Squawk Radio

Saturday, March 04, 2006

Liz Goes Around the World in Eighty Years

Last night was the annual fund-raising auction for my son’s school. On the block was the use of an apartment for one week that’s located in the heart of Paris. Paris, France, not Paris, Kentucky. Had I been better prepared, the other Squawkers and I could have bought it for $600 apiece. Of course, it only slept four, so we would have had to rotate sleeping on the floor a couple of nights each, but a week in the heart of Paris for $600 would have been worth every painful vertebra.

I’ve been to Paris twice in my life (along with a handful of other European cities), but it’s been more than two decades since my last visit. My husband, save being stationed in the Caribbean with the Coast Guard for two-years and a day-trip to Juarez when he was a child, has never been outside the borders of the United States. Yet he has a four-year-old in one of his preschool classes who’s already traveled throughout Europe and Asia. She moved to the States, in fact, from Shanghai, where her mother was last located for work. Only four years old, and this little girl is already a world traveler. Actually better than a world traveler. She’s already a world DWELLER.

I’ve always thought travel was the absolute best education a person could give herself. Not just because a person can learn a lot about the rest of the world while traveling, but because a person can learn a lot about herself while traveling. I’m not talking about booking tours through agencies that offer one the organized, air-conditioned opportunity to see ruins and relics, palaces and portraits, but the total immersion of the self into the culture and customs of the country one has chosen to visit. Yes, of course, you should see the museums and sights of any given locale. But even more important, you need to talk to the people who work in those places, shop in the stores that aren’t on the main thoroughfares, stroll through the green spaces no one bothered to include on the maps, eat in the restaurants that didn’t make the Michelin Guide.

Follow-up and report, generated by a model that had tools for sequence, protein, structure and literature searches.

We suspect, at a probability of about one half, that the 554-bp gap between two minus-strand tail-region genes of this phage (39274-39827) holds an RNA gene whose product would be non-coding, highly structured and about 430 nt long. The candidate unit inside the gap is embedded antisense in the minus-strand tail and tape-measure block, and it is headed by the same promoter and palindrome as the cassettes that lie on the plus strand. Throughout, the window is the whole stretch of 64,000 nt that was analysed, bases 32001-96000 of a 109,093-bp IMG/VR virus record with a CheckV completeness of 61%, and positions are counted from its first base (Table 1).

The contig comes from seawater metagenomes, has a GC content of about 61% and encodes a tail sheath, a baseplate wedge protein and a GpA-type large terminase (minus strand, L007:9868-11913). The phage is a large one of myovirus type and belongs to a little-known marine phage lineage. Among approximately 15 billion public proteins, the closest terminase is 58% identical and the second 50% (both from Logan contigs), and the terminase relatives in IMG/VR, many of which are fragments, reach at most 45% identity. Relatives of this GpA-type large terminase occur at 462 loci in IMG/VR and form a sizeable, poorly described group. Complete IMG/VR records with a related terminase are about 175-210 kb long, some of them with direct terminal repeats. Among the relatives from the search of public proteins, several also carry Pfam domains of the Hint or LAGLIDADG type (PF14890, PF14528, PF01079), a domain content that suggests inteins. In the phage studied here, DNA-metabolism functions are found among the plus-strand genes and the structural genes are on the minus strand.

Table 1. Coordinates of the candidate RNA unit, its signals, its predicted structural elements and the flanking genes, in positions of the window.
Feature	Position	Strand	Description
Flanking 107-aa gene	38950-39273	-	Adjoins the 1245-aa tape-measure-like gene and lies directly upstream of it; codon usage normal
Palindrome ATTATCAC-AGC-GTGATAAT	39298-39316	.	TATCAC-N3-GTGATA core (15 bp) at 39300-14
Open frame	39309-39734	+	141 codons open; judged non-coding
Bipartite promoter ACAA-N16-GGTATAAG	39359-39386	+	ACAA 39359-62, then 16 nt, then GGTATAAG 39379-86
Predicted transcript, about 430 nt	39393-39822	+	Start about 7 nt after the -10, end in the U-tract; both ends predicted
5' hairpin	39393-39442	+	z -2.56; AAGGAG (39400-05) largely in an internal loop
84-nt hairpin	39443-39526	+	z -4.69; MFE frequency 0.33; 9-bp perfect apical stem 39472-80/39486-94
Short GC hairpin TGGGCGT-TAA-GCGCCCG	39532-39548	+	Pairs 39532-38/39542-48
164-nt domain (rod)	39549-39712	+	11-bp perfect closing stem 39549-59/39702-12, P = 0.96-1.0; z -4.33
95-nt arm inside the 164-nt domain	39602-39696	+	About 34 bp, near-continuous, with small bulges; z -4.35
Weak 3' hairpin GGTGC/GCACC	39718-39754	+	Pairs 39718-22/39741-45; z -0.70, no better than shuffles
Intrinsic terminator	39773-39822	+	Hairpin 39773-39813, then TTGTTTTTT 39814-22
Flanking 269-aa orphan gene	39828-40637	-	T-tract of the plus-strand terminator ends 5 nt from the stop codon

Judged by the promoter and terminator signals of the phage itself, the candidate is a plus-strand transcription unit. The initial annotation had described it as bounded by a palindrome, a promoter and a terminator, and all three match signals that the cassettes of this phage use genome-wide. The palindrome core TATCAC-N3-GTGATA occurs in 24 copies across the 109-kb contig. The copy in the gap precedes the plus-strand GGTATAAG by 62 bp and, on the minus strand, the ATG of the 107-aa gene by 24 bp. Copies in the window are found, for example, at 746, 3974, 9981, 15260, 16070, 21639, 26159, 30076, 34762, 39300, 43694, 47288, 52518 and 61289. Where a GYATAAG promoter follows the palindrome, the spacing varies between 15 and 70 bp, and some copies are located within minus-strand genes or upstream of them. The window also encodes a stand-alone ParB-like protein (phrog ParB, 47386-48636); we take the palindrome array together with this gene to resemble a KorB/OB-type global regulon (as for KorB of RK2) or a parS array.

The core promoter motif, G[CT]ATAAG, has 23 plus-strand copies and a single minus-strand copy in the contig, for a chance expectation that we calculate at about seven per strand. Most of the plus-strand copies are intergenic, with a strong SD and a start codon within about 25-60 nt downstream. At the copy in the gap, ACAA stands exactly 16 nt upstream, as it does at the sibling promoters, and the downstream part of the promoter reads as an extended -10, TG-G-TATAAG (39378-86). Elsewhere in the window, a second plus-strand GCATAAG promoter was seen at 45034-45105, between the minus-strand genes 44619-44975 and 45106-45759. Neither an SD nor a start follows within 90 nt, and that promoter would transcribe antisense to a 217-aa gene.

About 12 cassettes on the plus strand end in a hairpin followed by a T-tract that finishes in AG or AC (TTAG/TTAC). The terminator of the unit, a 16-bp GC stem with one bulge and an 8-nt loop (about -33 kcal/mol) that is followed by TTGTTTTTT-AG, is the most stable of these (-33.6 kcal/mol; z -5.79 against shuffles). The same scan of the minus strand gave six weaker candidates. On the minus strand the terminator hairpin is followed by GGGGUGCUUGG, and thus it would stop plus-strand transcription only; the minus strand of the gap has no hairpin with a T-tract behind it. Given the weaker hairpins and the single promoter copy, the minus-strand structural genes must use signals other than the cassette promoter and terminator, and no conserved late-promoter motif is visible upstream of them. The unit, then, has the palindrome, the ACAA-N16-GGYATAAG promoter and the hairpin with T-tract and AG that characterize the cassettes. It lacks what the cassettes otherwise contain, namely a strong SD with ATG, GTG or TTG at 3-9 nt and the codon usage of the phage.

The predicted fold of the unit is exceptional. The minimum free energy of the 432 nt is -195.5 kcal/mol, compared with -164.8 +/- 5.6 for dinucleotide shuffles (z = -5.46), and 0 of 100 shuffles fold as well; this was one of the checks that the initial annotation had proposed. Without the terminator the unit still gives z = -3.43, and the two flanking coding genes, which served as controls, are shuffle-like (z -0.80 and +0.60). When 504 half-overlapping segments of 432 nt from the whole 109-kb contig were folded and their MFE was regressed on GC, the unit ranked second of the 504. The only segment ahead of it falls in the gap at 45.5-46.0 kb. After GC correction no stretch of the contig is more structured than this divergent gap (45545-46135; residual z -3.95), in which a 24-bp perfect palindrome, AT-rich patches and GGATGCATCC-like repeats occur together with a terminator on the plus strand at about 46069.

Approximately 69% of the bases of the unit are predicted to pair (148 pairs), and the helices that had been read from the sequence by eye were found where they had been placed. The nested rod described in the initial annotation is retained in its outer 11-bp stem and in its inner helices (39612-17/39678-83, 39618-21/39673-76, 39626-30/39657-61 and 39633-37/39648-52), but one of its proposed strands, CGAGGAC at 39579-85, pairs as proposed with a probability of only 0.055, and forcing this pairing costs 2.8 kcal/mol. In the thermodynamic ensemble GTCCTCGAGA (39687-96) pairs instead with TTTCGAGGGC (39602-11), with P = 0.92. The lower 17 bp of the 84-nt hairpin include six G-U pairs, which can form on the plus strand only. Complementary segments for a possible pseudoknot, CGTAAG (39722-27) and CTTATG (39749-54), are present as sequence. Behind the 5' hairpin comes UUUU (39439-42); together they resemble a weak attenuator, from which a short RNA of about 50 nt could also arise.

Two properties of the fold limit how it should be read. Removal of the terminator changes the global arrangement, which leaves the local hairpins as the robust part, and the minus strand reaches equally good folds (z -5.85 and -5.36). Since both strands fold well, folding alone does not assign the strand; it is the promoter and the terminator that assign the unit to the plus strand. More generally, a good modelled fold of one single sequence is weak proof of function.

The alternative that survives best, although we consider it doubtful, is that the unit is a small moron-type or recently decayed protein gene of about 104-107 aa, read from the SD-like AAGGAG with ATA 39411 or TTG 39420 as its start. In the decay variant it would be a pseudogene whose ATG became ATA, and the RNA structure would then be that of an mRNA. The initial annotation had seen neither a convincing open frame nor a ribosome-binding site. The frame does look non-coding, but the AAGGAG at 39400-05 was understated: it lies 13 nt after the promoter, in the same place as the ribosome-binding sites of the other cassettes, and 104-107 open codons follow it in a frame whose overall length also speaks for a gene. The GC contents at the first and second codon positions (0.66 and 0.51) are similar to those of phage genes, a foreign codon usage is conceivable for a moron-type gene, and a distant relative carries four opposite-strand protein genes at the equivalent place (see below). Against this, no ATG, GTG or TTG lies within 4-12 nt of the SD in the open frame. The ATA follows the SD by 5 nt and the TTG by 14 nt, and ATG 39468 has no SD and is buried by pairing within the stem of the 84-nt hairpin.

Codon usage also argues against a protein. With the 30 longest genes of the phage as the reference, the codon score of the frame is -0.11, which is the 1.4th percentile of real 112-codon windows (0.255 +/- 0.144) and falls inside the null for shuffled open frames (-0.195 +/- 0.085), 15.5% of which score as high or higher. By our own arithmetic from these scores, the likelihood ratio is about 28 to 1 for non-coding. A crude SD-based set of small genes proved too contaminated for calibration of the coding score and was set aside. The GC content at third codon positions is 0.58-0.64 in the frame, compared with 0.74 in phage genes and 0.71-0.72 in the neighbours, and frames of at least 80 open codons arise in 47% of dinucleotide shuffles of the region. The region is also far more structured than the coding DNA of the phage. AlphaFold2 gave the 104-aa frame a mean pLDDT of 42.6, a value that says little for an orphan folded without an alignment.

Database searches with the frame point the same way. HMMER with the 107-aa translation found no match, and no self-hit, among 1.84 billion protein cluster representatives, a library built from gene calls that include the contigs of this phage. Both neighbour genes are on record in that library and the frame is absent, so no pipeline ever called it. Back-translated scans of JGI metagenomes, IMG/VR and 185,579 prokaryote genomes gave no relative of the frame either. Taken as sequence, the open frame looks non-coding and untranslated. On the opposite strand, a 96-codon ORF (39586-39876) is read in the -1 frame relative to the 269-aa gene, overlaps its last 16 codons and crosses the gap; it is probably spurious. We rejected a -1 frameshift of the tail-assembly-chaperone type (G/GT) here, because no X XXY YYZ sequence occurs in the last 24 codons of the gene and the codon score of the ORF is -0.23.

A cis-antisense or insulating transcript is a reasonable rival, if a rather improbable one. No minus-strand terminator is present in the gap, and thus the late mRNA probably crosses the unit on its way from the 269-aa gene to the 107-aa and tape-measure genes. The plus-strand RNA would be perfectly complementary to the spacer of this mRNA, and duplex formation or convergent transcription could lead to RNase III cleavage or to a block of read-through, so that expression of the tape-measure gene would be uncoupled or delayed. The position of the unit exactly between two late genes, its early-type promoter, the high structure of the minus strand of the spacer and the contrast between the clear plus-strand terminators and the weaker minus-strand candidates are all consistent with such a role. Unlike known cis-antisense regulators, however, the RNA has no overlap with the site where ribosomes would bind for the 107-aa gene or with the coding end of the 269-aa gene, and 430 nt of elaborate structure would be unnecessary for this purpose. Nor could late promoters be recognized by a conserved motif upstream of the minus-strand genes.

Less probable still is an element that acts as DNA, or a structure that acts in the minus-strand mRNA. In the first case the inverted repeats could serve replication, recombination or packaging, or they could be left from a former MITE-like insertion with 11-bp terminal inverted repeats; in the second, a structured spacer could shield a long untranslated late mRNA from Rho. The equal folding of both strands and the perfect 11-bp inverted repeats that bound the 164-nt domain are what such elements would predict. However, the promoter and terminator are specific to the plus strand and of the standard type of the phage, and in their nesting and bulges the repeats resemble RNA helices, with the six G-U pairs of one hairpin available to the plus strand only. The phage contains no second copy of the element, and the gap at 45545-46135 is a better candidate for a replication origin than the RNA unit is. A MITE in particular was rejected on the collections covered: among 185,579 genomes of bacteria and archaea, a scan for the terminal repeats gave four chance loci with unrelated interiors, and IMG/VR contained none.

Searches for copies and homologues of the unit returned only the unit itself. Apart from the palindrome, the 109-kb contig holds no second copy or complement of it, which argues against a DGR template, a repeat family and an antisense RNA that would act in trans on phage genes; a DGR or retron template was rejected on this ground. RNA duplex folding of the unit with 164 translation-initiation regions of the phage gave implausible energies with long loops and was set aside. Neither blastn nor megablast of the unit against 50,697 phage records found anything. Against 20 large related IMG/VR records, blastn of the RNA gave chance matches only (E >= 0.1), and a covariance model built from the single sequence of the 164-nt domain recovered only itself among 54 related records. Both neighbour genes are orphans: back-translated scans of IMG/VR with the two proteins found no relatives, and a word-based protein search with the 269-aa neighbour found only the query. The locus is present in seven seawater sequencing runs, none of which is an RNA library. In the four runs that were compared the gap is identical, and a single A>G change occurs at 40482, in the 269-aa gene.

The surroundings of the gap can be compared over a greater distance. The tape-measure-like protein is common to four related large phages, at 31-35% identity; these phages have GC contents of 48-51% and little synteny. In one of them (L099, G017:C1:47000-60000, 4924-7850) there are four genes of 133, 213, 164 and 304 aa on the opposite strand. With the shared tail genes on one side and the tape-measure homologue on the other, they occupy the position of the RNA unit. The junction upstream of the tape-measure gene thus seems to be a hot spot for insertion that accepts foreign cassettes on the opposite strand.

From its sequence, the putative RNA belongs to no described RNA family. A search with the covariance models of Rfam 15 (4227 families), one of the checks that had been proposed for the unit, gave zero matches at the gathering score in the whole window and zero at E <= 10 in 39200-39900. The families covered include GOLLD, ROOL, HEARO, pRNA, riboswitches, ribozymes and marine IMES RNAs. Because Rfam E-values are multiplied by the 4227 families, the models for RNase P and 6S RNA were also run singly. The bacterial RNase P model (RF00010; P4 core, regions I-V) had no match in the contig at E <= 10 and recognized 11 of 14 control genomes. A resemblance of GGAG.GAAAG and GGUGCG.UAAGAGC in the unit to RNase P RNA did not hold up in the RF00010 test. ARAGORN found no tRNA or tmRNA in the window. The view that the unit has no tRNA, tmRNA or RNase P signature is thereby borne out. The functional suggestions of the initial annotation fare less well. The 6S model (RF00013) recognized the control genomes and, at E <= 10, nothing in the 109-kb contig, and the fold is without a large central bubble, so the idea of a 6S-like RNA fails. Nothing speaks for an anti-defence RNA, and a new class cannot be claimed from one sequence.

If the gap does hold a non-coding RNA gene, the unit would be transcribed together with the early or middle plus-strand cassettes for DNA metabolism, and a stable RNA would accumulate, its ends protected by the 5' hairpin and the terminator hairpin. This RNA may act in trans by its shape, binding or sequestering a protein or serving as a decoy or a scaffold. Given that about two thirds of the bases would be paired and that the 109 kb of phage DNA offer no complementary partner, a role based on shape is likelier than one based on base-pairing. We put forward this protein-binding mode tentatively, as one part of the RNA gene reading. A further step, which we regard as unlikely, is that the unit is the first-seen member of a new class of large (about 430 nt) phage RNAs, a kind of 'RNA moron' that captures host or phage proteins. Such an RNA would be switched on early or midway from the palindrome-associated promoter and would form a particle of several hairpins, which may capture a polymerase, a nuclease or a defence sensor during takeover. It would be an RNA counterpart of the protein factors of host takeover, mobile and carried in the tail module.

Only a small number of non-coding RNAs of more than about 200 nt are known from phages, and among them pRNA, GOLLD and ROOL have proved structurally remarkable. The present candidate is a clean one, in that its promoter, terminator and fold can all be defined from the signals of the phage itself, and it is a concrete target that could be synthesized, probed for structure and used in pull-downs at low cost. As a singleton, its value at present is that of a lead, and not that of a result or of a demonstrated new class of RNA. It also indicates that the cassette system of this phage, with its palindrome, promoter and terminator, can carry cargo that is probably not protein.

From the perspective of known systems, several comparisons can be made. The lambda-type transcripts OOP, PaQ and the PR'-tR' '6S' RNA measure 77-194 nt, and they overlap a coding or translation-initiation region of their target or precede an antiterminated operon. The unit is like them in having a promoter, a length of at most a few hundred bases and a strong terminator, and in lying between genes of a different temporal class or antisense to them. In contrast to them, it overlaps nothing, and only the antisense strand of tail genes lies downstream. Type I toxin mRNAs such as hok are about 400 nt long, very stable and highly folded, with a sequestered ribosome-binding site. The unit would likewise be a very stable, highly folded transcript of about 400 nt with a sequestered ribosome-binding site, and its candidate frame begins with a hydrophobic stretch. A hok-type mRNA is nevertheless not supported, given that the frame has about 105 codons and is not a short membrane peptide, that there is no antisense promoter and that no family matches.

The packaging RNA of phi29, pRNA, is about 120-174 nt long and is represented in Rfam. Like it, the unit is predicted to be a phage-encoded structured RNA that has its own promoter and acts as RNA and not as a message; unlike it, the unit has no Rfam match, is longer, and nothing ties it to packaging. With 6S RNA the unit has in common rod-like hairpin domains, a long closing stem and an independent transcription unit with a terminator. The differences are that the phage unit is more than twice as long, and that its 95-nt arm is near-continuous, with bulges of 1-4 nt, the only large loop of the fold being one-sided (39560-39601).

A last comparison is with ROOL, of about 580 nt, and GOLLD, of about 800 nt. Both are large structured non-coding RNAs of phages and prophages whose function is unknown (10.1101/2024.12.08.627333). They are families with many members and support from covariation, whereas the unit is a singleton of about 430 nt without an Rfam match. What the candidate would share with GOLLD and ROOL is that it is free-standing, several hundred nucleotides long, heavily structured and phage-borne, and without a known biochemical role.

You need to LIVE in the places you visit. My fondest memories of my trip to Europe when I was 19 include a soccer game in a London park between some of my traveling companions and members of the Dutch embassy. Or explaining the Fourth of July to a group of elderly Scotsmen in an Edinburgh pub, who, when we told them the reason we were lifting our pints was because that day was the day the American Colonists declared their independence from the English King, lifted their pints, too, and said, “Oh, aye. We’ll drink to tha’!” Or eating the first soft-boiled egg of my life at breakfast with a Dutch couple who housed us for a night. Or using my limited French to facilitate the flirting between my roommate and an Algerian bus driver.

And I remind myself now how very fortunate I was to have those experiences at a time in my life when I was still incredibly impressionable. I learned so much about the world and myself on those two trips I took in college. I learned that I can easily fit all of life’s necessities into a backpack. I learned that, even when I don’t speak the language, I can communicate with just about anyone. I learned that I’m a lot more self-reliant and responsible than I seem. I learned that, no matter where I go, people essentially want the same things. I learned that the good stuff in the world WAY outnumbers the bad stuff. I learned that EVERY place is beautiful in some way. And I learned that, everywhere I go, on any given day, there is something new to learn or observe or discover.

But I’ve also learned that it doesn’t take traveling to learn those things. All it takes is a sense of wonder and the desire to do something new and different. I can walk into the woods behind my house and discover something that will improve both my day and me. I can travel to a new Cuban restaurant--or Indian restaurant or Ethiopian restaurant--and experience some new international flavor. I can talk to the woman behind me in the grocery line and enrich my experience of the people of the world. And I can still fit all of life’s necessities into a backpack.

So what lessons have you all learned from traveling? Not just travels abroad, but travels around the block? And not just lessons about the world, but lessons about yourself? If you could go anywhere in the world you wanted, where would you go? What would you do? Most importantly, what would you bring back with you when you returned?
Elizabeth Bevarly, 11:58 AM